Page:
UPDATE: Danilkin: Vasilieva's satatement is criminal defamation

Russia Expels British Journalist, Then Allows Him to Return

Luke Harding, a Moscow correspondent for the British newspaper, The Guardian, was denied entry in a Moscow airport when he returned to Russia after two-month absence. Harding was sent back to the UK on the first available plane, with his visa annulled and his passport only returned to him after he took his seat on the plane.  Harding was given no specific reason for the decision, although a state security officer told him: "For you Russia is closed." Harding is known for his recent coverage of WikiLeaks publications. In particular, he published an article reporting that, in the opinion of Washington's top diplomat in Europe, Vladimir Putin was likely to have known about the planned assassination of Russian dissident Alexander Litvinenko.  Several days after Harding's deportation, after a scandal arose with the UK's Foreign Office, the Russian Foreign Ministry allowed Harding to return, and explained the incident by saying that Harding had previously failed to collect his acreditation card.

Friday, February 11, 2011

UN Recommends ADR for the Ukrainian Financial Services Sector

The UNDP Blue Ribbon Analytical and Advisory Center and the law firm of Dovgan & Partners have drafted a law that would establish a Financial Ombudsman Services (FOS) in the Ukraine.  The FOS would serve consumers as an alternative dispute resolution mechanism in the financial services sector.  The law suggests that the FOS should have both state and private funding, and that its services should be free for consumers.  The Ombudsman would be elected for 6 years and would be vested with power to conduct discovery.  The purpose of the FOS is to simplify and decrease the cost of dispute resolution, as well as to encourage consumers’ trust in the insurance companies and financial institutions.

Ukraine–EU Free Trade Zone Agreement Negotiations Continue

The 15th round of negotiations on the Free Trade Zone Agreement between Ukraine and the European Union has been held in Kiev. While the parties anticipate that the negotiations may be completed by the end of the year, an Agreement will not come into force before 2013. The parties have yet to reach an agreement on a number of issues, including geographical names, the auto transportation services sector, energy supply, and grain trade. Two additional rounds of negotiations will be held in April and June of 2011.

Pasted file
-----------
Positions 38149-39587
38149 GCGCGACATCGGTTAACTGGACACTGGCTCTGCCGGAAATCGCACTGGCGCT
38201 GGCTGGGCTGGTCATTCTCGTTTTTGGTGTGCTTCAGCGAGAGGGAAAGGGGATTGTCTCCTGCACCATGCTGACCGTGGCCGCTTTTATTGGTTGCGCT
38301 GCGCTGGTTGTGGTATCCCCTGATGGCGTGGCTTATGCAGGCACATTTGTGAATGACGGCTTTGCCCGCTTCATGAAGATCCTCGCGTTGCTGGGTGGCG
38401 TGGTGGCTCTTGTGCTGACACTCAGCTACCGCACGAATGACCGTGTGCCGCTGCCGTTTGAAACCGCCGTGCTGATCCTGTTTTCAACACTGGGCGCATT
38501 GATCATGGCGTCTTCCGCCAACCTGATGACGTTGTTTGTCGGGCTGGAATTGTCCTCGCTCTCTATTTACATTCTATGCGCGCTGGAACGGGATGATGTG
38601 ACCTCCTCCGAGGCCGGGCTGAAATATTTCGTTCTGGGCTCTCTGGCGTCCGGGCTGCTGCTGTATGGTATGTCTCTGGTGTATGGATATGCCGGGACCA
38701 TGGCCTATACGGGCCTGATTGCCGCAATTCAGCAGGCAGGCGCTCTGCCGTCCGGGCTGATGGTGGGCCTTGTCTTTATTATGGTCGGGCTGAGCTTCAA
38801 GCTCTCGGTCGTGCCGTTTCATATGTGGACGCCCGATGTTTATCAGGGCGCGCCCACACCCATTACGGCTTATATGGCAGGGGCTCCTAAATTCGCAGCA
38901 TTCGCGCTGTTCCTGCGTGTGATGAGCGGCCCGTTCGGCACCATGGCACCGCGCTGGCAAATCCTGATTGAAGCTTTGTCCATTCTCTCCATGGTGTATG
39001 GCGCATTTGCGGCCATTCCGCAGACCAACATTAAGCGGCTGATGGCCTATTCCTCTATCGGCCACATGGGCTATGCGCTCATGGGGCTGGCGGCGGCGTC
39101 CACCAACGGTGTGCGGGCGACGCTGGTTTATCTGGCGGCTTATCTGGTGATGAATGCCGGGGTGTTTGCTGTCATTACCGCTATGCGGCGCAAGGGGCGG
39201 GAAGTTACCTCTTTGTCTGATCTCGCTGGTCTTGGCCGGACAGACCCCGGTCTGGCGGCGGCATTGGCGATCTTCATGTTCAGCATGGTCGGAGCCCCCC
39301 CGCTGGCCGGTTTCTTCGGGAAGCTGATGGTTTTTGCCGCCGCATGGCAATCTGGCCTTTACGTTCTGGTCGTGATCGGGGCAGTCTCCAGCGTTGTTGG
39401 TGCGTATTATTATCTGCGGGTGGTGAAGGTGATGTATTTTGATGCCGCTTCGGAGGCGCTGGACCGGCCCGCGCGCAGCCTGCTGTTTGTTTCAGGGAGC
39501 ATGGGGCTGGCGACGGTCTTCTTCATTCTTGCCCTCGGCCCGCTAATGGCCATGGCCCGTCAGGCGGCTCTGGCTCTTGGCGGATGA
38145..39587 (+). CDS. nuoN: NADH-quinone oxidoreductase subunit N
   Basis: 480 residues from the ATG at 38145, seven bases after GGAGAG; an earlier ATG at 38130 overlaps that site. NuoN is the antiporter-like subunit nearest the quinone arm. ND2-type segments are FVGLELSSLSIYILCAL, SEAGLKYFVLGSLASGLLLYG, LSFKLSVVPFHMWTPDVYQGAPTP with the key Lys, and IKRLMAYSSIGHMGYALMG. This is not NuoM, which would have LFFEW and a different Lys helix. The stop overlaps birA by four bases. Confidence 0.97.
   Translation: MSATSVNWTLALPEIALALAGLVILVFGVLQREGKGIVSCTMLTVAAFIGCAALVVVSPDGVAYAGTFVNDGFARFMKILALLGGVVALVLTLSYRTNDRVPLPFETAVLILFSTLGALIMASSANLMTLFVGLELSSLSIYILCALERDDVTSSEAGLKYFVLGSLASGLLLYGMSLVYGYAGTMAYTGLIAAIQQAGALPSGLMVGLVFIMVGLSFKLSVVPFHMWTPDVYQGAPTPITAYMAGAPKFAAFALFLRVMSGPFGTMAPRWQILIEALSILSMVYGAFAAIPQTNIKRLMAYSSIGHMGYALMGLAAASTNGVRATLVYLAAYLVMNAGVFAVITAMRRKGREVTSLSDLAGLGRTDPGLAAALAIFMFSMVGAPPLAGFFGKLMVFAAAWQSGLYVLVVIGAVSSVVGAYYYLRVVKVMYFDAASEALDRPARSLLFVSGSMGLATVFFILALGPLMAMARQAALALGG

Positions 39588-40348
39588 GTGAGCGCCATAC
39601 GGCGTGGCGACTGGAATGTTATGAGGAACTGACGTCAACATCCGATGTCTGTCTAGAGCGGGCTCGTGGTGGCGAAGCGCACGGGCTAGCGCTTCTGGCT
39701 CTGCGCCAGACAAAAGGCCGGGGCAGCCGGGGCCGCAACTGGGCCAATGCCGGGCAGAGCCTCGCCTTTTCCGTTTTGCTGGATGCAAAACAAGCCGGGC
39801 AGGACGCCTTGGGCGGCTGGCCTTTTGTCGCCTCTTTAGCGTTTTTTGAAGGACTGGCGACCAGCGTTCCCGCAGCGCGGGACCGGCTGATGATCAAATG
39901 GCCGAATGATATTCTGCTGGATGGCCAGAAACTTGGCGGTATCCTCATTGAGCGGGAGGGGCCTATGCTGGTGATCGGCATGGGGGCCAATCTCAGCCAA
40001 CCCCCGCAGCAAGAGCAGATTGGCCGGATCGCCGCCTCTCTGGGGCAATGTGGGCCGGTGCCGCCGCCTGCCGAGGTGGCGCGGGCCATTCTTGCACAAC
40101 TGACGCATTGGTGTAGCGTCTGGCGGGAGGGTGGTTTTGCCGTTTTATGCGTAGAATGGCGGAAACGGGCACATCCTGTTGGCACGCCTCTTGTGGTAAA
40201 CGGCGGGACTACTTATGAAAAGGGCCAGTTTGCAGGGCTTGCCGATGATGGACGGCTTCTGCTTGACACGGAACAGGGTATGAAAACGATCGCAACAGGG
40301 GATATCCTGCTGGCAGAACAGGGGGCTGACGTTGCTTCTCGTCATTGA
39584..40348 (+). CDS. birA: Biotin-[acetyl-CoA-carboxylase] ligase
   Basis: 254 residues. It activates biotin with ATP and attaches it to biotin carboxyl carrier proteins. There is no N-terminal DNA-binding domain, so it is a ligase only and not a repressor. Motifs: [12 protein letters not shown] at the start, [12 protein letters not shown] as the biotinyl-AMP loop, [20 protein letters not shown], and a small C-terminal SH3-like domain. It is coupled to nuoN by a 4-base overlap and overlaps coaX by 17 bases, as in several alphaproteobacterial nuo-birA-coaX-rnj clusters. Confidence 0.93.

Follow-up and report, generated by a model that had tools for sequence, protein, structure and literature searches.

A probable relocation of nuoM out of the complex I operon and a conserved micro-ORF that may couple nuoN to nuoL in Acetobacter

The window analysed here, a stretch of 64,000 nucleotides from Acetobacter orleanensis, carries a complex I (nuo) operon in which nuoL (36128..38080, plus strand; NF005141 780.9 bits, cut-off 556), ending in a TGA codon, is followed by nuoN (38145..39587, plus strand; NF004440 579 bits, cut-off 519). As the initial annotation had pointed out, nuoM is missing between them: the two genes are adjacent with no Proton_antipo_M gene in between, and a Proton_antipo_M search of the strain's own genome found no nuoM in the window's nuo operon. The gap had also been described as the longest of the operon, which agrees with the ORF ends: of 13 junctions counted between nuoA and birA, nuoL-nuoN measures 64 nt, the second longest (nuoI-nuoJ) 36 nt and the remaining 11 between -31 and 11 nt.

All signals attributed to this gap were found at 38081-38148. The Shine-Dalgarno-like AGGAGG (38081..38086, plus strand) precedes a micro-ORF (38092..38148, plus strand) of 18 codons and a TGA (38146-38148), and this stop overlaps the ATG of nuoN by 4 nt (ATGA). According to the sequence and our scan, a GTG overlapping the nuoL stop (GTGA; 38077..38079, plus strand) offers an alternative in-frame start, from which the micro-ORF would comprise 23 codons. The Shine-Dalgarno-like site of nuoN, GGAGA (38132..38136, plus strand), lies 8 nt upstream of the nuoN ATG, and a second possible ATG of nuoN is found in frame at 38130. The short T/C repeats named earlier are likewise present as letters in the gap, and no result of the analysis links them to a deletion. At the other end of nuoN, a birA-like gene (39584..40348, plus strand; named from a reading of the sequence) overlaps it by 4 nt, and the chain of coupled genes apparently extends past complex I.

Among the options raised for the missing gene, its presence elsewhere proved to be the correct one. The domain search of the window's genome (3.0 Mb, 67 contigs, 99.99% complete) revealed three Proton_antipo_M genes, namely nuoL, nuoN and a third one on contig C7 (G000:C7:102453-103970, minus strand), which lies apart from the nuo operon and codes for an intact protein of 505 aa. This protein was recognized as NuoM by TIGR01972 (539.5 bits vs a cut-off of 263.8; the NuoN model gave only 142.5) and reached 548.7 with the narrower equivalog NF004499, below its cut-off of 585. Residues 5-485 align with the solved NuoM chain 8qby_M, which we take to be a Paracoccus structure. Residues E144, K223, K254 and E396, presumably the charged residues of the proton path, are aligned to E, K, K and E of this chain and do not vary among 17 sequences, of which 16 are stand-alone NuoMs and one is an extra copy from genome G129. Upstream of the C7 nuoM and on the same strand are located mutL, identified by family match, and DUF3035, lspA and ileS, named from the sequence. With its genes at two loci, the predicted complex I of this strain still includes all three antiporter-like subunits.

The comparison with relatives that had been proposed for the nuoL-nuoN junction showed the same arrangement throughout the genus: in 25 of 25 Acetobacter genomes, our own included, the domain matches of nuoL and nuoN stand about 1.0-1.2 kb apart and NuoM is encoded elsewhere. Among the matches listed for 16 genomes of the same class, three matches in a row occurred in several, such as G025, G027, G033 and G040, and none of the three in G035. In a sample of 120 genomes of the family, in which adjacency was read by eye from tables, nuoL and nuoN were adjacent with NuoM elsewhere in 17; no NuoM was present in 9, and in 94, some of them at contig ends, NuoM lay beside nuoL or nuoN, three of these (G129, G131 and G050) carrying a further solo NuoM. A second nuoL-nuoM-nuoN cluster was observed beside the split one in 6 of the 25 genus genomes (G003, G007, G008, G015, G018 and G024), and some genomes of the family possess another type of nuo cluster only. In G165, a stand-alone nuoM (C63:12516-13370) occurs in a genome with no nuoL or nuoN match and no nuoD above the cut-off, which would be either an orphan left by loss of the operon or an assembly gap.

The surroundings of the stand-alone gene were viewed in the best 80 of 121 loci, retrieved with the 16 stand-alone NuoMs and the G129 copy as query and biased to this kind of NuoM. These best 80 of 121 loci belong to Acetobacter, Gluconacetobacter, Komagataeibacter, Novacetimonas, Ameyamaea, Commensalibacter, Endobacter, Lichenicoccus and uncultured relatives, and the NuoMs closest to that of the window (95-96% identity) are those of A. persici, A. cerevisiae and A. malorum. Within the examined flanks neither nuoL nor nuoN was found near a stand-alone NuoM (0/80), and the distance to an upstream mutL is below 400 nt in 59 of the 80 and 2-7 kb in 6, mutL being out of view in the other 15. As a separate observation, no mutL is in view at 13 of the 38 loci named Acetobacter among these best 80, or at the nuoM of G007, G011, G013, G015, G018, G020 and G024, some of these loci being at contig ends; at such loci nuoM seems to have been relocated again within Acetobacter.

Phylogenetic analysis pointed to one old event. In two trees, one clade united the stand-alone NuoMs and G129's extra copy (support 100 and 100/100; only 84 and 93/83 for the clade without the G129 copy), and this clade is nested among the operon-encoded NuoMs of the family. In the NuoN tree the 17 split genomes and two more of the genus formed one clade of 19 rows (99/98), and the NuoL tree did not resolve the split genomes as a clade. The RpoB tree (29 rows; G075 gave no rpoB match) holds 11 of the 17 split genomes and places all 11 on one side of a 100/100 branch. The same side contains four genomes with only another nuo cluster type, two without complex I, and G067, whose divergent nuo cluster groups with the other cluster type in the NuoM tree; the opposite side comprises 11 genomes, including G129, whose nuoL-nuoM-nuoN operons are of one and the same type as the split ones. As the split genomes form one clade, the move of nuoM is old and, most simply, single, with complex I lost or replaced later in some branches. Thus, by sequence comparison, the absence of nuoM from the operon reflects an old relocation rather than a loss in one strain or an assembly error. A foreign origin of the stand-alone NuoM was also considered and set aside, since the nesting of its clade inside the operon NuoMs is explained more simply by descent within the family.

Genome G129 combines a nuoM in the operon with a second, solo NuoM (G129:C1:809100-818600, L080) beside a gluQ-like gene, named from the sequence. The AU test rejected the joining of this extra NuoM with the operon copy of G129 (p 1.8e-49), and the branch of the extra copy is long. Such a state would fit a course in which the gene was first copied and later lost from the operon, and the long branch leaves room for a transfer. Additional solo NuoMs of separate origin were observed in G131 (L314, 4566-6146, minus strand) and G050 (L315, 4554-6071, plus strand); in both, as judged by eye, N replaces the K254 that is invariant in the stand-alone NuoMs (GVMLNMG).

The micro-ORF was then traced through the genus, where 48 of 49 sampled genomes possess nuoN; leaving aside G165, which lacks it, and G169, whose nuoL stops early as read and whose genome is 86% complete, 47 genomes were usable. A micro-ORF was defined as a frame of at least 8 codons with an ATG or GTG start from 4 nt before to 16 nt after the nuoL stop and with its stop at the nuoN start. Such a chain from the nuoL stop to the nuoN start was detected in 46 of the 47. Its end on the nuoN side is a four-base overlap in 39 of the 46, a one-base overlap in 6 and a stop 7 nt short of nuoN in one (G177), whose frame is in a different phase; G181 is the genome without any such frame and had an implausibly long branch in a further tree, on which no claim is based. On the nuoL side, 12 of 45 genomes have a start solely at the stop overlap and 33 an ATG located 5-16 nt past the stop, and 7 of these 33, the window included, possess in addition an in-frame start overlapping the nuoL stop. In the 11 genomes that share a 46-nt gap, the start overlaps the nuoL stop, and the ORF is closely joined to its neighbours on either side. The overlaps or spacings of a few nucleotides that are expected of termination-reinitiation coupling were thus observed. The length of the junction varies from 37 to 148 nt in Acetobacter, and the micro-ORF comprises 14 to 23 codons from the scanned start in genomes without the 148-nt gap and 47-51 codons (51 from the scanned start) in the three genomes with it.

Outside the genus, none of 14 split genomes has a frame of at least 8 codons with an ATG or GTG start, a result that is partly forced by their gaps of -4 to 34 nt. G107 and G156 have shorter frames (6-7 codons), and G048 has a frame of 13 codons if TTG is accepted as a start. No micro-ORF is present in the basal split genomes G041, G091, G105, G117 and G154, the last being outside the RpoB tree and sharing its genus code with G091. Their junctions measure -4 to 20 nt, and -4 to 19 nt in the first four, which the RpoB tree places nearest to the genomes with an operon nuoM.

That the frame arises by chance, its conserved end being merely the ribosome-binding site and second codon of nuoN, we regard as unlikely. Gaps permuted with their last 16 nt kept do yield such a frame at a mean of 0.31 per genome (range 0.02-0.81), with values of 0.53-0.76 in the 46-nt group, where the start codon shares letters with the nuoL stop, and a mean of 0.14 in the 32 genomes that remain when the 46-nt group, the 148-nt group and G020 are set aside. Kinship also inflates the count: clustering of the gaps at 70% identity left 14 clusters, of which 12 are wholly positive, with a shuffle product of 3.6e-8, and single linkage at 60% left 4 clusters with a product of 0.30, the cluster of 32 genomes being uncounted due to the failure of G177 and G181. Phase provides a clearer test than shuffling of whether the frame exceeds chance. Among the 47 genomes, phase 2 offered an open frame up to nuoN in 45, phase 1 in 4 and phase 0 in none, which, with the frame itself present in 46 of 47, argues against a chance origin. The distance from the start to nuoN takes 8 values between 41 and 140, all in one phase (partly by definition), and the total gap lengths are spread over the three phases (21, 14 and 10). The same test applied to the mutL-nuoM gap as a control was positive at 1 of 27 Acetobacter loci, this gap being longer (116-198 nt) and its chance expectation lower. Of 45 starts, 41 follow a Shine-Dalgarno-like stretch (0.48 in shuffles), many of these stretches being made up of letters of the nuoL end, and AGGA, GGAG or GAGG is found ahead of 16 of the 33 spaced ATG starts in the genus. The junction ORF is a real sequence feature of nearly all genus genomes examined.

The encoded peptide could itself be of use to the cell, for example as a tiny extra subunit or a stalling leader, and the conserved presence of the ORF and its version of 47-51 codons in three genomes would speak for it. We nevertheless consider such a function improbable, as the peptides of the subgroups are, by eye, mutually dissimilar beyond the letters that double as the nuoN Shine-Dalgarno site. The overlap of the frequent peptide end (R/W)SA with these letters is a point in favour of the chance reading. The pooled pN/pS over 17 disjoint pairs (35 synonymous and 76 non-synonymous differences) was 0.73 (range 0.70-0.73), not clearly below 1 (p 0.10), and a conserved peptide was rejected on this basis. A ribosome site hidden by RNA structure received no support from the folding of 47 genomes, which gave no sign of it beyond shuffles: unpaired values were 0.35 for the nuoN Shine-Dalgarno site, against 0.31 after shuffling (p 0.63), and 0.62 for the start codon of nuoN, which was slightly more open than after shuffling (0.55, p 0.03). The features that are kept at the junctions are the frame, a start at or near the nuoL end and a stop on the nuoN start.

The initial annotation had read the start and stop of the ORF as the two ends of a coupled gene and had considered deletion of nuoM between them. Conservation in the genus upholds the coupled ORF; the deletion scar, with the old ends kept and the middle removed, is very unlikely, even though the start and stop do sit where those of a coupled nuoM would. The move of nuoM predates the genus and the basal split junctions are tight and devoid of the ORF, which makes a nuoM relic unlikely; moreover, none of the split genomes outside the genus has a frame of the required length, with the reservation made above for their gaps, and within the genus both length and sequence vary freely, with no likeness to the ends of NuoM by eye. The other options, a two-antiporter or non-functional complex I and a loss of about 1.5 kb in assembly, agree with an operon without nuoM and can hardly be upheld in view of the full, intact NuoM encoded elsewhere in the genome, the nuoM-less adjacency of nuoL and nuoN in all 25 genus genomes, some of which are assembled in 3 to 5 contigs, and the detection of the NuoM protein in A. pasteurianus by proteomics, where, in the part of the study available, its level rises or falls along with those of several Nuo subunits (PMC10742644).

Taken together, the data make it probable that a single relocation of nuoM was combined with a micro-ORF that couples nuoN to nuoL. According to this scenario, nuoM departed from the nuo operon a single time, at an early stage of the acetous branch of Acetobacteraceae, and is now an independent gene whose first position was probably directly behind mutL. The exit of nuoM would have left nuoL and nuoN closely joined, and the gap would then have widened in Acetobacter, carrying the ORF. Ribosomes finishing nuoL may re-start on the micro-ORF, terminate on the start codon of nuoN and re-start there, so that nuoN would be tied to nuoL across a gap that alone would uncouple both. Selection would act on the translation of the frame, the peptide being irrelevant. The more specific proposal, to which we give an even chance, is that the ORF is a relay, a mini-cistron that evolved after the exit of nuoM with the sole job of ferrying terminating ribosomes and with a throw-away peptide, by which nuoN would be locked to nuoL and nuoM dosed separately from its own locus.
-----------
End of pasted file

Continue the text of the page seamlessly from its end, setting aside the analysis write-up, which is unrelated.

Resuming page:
Wednesday, February 9, 2011

Russia Abolishes Seasonal Clock Shifts

Russia’s President Dmitry Medvedev announced the abolishment of the daylight-saving time system (also known as DST or “summer time” in Russia). Russia has been shifting to DST for the last 30 years. To be exact, what will actually be abolished is “winter time,” because the last clock shift is supposed to be made this spring. Medevedev stated that the DST clock shift causes psychological stress and disease. Medvedev went on to add that cows and other animals also “do not understand the clock shift and do not understand why dairymaids come to them at a wrong time.” (video)

Tuesday, February 8, 2011

Japan: Medvedev's Island Visit “Unforgivable Outrage”

Japanese Prime Minister Naoto Kan criticized Russian President Dmitry Medvedev’s visit last November to one of four Russian-held islands as an “unforgivable outrage".   The Soviet Union seized the islands of Etorofu, Kunashiri, Shikotan and the Habomai islet group shortly after Japan’s surrender in World War II in 1945, but Japan continues to claim the islands as well.  Prime Minister Kan vowed to seek a settlement of the territorial dispute which has prevented the two countries from signing a postwar peace treaty. The islands are known in Japan as the Northern Territories, and in Russia as the Southern Kurils.

Monday, February 7, 2011

START Treaty Enters into Force

The new Russian-U.S. Treaty on Measures for Further Reduction and Limitation of Strategic Offensive Arms (New START) came into effect after Russian Foreign Minister Sergei Lavrov and U.S. Secretary of State Hillary Clinton exchanged the ratification instruments in Munich, Germany. Presidents Dmitry Medvedev and Barack Obama signed the treaty (intended to replace an older treaty that expired) in Prague, the Czech Republic, in April 2010. The U.S. Congress ratified the treaty in December 2010, and Russia's Federal Assembly did the same in January 2011. Both ratification instruments contain a number of reservations that sceptics say may sink the treaty because of the current U.S.-Russian controversy over the NATO missile defense system in Europe. (video)

Moscow Policeman Admits Falsification of Oppositionist Arrest Report